Upper Endoscopy

What is upper endoscopy?

Upper endoscopy is a procedure to see the lining of the upper gastrointestinal tract including esophagus (tube connecting mouth to stomach), stomach and duodenum (first part of small intestine).

Why is upper endoscopy performed?

Upper endoscopy is performed if the patient has:

  • Unexplained pain in upper part of abdomen
  • Acid reflux
  • Prolonged nausea and vomiting
  • Prolonged diarrhea
  • Hematemesis (blood in vomit) or melena (black / dark blood in stools)
  • Dysphagia (difficulty in swallowing)
  • Abnormality in other tests related to gastrointestinal tract
  • Swallowing something that should be swallowed
  • Ulcers or abnormal growths in digestive tract

What should I do before an upper endoscopy?

Discuss in detail about any precautions or preparation before the upper endoscopy. Your doctor may advise you not to eat or drink anything including any routine medication you’re taking (medicines may need to be stopped for a week before procedure sometimes). Read the instructions as soon as you receive them. Discuss with your doctor if you have any confusion.

What happens during an upper endoscopy?

You’ll receive intravenous medicines to make you relax along with a medicine in the form of gargles or mouth spray to numb your mouth. You’ll receive a mouth guard made of plastic to protect your teeth during the procedure.

Your doctor will then introduce a thin tube, endoscope, with camera and light at its end into your mouth. The tube will go all the way through esophagus up to the stomach and duodenum. The doctor will look for any growths, ulcers, irritation or bleeding during the procedure.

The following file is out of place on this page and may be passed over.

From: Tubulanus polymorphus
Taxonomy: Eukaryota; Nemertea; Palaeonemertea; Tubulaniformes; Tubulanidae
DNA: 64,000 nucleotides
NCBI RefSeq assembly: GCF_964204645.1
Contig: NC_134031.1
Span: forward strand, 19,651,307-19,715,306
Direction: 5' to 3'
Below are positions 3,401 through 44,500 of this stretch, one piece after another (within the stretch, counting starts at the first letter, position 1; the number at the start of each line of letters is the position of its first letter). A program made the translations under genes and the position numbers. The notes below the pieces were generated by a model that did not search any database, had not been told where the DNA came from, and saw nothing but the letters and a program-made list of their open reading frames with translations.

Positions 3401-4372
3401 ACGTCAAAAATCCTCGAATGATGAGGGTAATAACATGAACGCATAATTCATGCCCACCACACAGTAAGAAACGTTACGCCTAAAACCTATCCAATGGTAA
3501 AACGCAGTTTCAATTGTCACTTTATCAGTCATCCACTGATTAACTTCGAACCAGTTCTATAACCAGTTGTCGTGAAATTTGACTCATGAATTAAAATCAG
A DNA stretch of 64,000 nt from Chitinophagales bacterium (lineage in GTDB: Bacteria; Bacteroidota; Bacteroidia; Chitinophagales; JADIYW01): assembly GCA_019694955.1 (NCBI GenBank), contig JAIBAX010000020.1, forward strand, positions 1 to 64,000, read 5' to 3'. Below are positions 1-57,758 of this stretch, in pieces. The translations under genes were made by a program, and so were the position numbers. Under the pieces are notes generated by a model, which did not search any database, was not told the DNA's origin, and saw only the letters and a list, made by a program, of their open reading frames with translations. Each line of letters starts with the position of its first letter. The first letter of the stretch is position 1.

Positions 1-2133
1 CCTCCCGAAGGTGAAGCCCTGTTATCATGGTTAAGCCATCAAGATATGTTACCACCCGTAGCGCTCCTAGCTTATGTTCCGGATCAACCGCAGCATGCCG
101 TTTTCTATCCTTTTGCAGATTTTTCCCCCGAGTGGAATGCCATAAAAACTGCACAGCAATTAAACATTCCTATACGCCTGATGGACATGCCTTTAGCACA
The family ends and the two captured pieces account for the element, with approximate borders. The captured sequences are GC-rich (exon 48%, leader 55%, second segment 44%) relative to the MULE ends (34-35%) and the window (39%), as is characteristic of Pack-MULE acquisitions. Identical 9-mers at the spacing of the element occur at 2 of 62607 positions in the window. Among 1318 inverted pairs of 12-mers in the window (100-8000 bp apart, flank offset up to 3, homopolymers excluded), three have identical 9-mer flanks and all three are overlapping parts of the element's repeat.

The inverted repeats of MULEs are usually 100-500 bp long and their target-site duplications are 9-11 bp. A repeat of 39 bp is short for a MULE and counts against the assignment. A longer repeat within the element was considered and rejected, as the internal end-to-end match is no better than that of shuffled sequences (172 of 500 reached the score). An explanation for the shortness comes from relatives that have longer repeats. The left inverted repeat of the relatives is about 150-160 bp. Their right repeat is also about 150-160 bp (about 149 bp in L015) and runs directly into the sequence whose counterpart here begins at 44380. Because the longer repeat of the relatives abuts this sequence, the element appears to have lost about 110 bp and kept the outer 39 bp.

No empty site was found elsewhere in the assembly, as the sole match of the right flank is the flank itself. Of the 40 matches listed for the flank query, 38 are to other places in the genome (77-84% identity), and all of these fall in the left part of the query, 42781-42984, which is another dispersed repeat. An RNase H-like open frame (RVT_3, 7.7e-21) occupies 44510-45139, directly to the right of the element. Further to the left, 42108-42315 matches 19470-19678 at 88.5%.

During the procedure, the doctor may also look for:

  • Do a biopsy by taking small tissue pieces from the gastrointestinal tract lining (painless) and send it to the pathologist for examination under microscope.
  • Treat any issue they see during the procedure like bleeding inside the tract, remove any abnormal and removable growth, widen any narrowing of esophagus that were causing difficulty in swallowing, etc.

What happens after an upper endoscopy?

You’ll be retained for observation for 1 to 2 hours after the procedure until the affect of medicines goes off. It’s recommended not to drive or go to work for rest of the day following upper endoscopy. You can follow normal routine from the next day.

What are the side effects of an upper endoscopy?

Common side effects of upper endoscopy include bloating and nausea due to medicines used for the procedure. Talk to your doctor if you’re having any symptoms after the procedure and he can advice medicine accordingly. Most people can start eating normally after the procedure.

Several less common side effects of upper endoscopy include:

  • Food getting into the lungs from stomach
  • Bleeding (after removing any growth for example)
  • Tear or injury in the lining of digestive tract
  • Redness of skin and swelling around the IV cannulation

Should I call my doctor or nurse?

You should contact your doctor immediately if you’re having any of these issues after upper endoscopy:

  • Abdominal pain, more than gas or cramps
  • Hard and bloated abdomen
  • Nausea and vomiting
  • Fever
  • Throat pain or difficulty swallowing
  • Black bowel movements
  • Crunching feeling in neck under the skin